Pesky's Pole is the name for the pole on the right field foul line, which stands 302 feet (92 m) from home plate, the shortest outfield distance (left or right field) in Major League Baseball. Despite the short wall, home runs in this area are relatively rare, as the fence curves away from the foul pole sharply. The pole was named after Johnny Pesky, a light-hitting shortstop and long-time coach for the Red Sox, who hit some of his six home runs at Fenway Park around the pole but never off the pole.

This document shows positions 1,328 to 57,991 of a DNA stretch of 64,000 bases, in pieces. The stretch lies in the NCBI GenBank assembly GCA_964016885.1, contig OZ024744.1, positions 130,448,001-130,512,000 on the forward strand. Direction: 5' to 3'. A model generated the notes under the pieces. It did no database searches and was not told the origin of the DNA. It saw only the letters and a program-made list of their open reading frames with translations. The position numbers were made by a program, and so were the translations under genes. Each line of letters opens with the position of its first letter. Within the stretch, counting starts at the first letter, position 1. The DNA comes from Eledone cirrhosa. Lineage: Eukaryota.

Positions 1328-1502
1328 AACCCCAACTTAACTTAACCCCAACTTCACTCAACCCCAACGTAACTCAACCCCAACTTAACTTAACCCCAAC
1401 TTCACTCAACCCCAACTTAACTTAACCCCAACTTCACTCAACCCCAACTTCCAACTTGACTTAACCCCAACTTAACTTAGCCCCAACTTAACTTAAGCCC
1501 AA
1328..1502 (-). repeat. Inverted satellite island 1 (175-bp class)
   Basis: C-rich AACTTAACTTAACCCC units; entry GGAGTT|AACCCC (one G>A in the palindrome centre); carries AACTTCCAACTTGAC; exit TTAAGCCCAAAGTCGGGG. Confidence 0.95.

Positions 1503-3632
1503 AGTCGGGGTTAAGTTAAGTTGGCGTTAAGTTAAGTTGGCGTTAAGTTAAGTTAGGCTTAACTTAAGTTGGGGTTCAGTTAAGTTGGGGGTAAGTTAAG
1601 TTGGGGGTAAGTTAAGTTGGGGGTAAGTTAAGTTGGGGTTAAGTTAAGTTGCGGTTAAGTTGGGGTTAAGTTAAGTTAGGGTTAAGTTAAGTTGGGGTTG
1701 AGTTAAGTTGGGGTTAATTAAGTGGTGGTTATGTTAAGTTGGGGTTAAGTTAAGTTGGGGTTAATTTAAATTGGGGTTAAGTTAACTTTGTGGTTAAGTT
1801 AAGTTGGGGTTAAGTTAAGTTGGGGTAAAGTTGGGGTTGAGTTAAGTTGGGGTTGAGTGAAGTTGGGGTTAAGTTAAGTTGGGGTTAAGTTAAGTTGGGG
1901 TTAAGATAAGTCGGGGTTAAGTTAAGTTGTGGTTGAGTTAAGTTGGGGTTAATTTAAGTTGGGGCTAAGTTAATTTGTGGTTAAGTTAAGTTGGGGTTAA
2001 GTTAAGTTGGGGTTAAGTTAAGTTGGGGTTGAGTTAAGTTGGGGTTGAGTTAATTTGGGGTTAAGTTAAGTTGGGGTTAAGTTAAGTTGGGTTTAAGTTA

Pesky and the Red Sox give credit to pitcher Mel Parnell for coining the name. The most notable for Pesky is a two-run homer in the eighth inning of the 1946 Opening Day game to win the game (in his career, Pesky hit 17 home runs). In similar fashion, Mark Bellhorn hit what proved to be the game-winning home run off of Julián Tavárez, in Game 1 of the 2004 World Series off that pole's screen.
On September 27, 2006, on Pesky's 87th birthday, the Red Sox organization officially dedicated the right field foul pole as Pesky's Pole with a commemorative plaque placed at its base.
Images for kids
A view of Fenway Park and the surrounding neighborhood, as seen from the Prudential Tower
Fenway Park Facts for Kids. Kiddle Encyclopedia.